Prince Sebastian had been training his whole life to one day be king. He studied history and laws. He met with foreign leaders and learned foreign languages. He studied problem solving and negotiating and diplomacy. He sat with his father during the open court sessions and listened to the needs of the people. He answered letters and offered advice.
And then suddenly, one day, his father became very ill. A week later, he died. Sebastian and his mother sat in tears by his father’s bed. “I can’t believe he’s gone,” she said.
The door creaked and they looked up. Sebastian’s Uncle Roderick was standing in the doorway, and a group of soldiers stood behind him. “Selma, Sebastian,” he said. “I like you both. But I want to be the next king. You can leave if Sebastian promises to never return to become king, or you can both die now.”
“I promise to never return to become king,” Sebastian said. “Now let us go.”
“Start packing,” Uncle Roderick said. “You leave at dawn.”
They left without looking back. They had tickets for a boat that would take them across the sea where they planned to stay with Selma’s sister and her family. During the trip, there was a storm and the ship began to sink.
The next thing Sebastian knew, he woke up on the shore next to his mother. A girl was sitting and watching them. “Sebastian, are you all right?” his mother asked.
“I think so,” Sebastian said. “How are you?”
“Wet and cold and grateful to be alive,” his mother said. “This girl saved us, but she doesn’t talk.”
“Bring her along. We need to see if there’s a town nearby where we can ask for help.”
A week later, they arrived at the palace. Sebastian’s cousin Ferdinand came out to greet them. “I’m so sorry to hear about what happened. You’re welcome to stay here as long as you’d like. Aunt Selma, Mother is waiting for you inside.”
Sebastian’s mother hurried away. Sebastian sighed. “She’s been handling all of this so well. It will be good for her to finally have a chance to mourn.”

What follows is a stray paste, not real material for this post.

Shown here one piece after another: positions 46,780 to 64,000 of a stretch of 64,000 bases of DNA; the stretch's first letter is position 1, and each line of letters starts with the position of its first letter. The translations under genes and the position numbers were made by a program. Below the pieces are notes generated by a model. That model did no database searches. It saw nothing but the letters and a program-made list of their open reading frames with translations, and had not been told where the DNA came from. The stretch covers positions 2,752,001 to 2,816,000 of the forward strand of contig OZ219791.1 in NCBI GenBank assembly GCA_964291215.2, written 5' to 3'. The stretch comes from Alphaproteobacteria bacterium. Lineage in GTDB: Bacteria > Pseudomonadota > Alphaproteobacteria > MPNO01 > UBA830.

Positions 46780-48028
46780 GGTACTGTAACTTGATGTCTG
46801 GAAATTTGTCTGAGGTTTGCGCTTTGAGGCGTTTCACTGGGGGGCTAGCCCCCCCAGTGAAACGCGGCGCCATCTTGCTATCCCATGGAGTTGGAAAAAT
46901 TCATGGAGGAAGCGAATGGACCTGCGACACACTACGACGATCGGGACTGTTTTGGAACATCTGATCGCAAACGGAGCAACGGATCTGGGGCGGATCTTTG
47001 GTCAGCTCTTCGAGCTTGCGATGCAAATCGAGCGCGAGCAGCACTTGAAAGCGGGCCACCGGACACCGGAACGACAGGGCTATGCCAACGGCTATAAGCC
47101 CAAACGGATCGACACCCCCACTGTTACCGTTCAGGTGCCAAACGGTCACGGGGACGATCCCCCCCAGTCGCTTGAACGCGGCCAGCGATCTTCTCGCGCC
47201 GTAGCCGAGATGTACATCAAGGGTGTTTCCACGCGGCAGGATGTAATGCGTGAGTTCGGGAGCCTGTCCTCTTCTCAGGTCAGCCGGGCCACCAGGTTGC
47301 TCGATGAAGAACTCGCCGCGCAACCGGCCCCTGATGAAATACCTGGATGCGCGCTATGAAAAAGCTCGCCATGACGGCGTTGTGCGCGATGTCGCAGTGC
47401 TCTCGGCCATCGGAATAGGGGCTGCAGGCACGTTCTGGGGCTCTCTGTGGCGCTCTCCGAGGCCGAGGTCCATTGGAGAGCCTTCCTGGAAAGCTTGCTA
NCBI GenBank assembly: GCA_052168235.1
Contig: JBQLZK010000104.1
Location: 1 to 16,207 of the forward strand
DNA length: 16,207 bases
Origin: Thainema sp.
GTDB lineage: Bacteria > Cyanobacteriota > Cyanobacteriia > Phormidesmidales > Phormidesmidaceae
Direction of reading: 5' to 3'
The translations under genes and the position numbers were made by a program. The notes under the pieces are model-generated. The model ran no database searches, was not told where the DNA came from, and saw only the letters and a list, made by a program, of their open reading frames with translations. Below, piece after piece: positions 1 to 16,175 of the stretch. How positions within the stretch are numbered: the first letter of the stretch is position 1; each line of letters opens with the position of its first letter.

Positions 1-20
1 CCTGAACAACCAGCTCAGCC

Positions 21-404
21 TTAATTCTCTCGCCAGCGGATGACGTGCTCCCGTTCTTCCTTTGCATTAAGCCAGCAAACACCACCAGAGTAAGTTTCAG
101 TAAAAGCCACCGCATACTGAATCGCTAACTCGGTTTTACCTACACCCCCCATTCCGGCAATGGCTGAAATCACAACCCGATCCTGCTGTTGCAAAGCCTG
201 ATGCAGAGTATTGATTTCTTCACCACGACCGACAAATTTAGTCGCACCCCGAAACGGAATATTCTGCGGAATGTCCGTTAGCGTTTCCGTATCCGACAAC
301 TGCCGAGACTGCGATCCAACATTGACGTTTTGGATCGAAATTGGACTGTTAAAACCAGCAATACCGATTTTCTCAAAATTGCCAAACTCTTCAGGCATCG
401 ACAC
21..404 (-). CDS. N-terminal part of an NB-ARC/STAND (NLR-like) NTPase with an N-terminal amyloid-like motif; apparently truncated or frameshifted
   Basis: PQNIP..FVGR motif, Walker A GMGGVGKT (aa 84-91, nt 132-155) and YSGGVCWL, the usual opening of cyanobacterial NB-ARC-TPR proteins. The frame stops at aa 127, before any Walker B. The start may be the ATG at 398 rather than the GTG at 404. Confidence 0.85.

Sebastian looked around. “Where did the girl go that came with us?” he asked.
“I think she’s looking at the rosebushes. Should I send her in with your mother?”
“No. Honestly, I’m not sure what to do. She saved us from the shipwreck, but I don’t know who she is. She doesn’t talk and doesn’t know any sign language. Mother calls her Anna, but we don’t know her real name.”
“We can do what we did last time I met a mysterious mute girl,” Ferdinand said.
“This happened before? Did you teach her some sort of sign language?” Sebastian asked.
“No, I asked my advisor. You’ll see. Invite her to follow us in,” Ferdinand said.
“Anna,” Sebastian called. He waved her over and she stopped trying to eat the flowers and smiled. As they walked inside, she followed.
“So what happened the last time you met a mute girl?” Sebastian asked.
“It turned out she needed to be left alone to weave coats for swans. So, we just made sure to send her food and check on her every so often,” Ferdinand said. “She went home with her brothers when she was done.” He entered an empty office and stopped and turned. “Here we are. Meet my advisor.” He waved to a mirror.
“Your advisor is yourself?” Sebastian asked.
A vague face appeared in the mirror. “No,” it said. “I’m the advisor. How can I advise you today?”
The cousins turned to see that the mysterious girl had followed them in and was pulling books off the shelves to build a tower. “Ah,” the mirror said. “She’s a mermaid princess who signed an unwise contract with a sea witch.”
“We should send a note to her father,” Ferdinand said. “Do we know anyone who knows mermish?”
“I do,” Sebastian said. “My father believed in a classical education.”
“Excellent,” the mirror said. “Let me show you the contract. It has some obvious loopholes.”
“I’ll call in the lawyers,” Ferdinand said.
The next day, they sent a message by dolphin to King Triton. They met him a week later in a deep, sheltered cove. Some burly mermaid guards surrounded the sea witch. The King greeted them in mermish.
“He asked if he can cast a translation spell,” Sebastian said.
“That’s handy,” Ferdinand said. “Say yes.”
They explained the contract to King Triton. “My daughter needs to come home,” he said. “How can we break the contract?”
“It can be broken if you kill the prince,” the sea witch said with a cackle.
“Or you could kill the sea witch,” Ferdinand said. Everyone looked at the witch.
She sighed and snapped her fingers. The contract appeared in front of her and she tore it in pieces. In a puff of smoke, Anna was once again a mermaid princess. At the same time, the sea witch escaped her guards and swam away.
“But I don’t want to go home yet. I wanted to try chocolate cake again,” the princess said. “It’s not fair.”
“We’ll send you some,” Ferdinand said.
The king thanked them and offered to meet later to discuss possible trade agreements. He and his daughter went home. So did Ferdinand and Sebastian.
“You know there are loopholes in the agreement you made with your uncle, too. Right?” Ferdinand asked.
“It’s not time to go back yet,” Sebastian said.
“Fair enough,” Ferdinand said. “Let’s check on Aunt Selma and see how she’s doing.” And they did.